The government has tried to hide these changes among 8,000 other regulatory changes announced as part of this agenda. But it shows the government's priorities—and they are wrong priorities. Amongst all this bluster about cutting red tape they are prepared to cut the pay of their own office cleaners. I think it tells you a great deal that on the day that we are debating a cut to the wages of low-paid workers we have this public discussion going on about reintroducing dames and knights. We are cutting the pay of thousands of cleaners and bestowing knighthoods on a select few. It is a classic example of how this government has its priorities all wrong.

The government talks about award payments being a safety net and that people have the freedom to bargain above that, yet where you have very low-paid workers who have managed to get themselves a slightly better deal than the bare minimum pay that they can be paid, the government actually undermines that agreement.

Unfortunately, this is an agenda for the government that is already in chaos. On Monday, we saw the government announce that it was 'pausing' its planned changes to the Future of Financial Advice reforms. That was going to dismantle important consumer protections in financial advice and open the door to the return of a culture that prioritised product sales—and volume product sales—over providing tailored advice, and where financial planners were under no obligation to act in a client's best interests.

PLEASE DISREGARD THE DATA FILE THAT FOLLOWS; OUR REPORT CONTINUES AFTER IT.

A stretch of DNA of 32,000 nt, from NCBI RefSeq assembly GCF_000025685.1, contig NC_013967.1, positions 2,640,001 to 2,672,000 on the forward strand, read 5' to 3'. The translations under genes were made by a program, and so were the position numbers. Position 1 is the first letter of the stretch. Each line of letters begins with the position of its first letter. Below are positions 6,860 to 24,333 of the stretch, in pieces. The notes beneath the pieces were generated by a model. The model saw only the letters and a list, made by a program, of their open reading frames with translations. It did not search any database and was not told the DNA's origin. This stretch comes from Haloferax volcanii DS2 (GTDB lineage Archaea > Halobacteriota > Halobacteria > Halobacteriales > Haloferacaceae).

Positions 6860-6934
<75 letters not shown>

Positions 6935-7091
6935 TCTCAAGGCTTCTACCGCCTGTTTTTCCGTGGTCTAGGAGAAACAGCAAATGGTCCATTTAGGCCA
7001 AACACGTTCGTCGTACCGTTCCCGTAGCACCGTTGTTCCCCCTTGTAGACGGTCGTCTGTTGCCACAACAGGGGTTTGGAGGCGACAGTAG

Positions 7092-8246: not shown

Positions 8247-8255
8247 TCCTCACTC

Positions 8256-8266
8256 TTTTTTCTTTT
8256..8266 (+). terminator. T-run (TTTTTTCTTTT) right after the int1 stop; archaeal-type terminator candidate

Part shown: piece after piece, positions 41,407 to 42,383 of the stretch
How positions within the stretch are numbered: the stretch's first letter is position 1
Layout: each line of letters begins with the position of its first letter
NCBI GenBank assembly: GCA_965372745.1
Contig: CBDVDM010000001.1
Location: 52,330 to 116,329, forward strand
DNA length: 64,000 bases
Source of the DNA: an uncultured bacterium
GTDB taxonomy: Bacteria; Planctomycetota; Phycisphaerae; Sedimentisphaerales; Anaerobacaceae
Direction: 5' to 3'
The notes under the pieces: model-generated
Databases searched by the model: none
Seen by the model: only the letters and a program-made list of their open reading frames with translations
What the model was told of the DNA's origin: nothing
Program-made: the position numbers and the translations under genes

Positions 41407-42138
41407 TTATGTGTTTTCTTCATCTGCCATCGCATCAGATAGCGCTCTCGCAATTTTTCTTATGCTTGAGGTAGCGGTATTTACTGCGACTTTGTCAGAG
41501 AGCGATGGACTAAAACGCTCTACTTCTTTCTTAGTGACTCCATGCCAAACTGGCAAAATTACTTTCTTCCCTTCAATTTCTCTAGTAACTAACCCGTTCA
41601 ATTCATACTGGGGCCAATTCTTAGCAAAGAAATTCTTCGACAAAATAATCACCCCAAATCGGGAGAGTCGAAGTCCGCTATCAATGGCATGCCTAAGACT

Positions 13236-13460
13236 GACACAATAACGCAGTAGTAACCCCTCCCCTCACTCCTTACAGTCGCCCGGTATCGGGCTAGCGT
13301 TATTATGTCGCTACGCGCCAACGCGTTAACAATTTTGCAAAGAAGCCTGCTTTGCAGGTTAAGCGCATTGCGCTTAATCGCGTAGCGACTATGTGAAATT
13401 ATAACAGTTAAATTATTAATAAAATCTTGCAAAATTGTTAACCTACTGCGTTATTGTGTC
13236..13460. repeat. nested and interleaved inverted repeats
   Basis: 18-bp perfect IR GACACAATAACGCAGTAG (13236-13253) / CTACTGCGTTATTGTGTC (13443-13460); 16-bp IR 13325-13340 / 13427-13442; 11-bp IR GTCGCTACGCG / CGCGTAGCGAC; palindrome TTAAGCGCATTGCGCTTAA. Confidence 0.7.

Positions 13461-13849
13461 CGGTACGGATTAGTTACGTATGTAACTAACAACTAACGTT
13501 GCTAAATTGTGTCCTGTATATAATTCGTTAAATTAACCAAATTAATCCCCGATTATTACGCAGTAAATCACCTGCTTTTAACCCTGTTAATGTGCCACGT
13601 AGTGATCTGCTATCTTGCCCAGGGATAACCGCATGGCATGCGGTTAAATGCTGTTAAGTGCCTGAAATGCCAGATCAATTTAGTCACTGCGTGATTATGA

In a week that sees the fifth anniversary of the collapse of Storm Financial affecting many thousands of people, these reforms were supposed to be a centrepiece of the red tape repeal agenda. But they did not even make it through the week. This was a reform which the chair of the Financial Planning Association of Australia said would be bad for consumers, and it is easy to see why. The government has paused this so-called reform; it is about time they went back to the drawing board completely.

As has been stated, as a party we are committed to a bipartisan approach to minimise, simplify and create cost-effective regulation—our record in government is testament to that. But we should not forget why we have regulation in the first place. Good regulation make our workplaces safer. It means we have clean drinking water, it means our roads are not lawless and it means the environment is protected. Good regulation is actually what helps our society to function—the alternative is the law of the jungle.

The government should not confuse the repeal of redundant legislation with the gutting of real protections.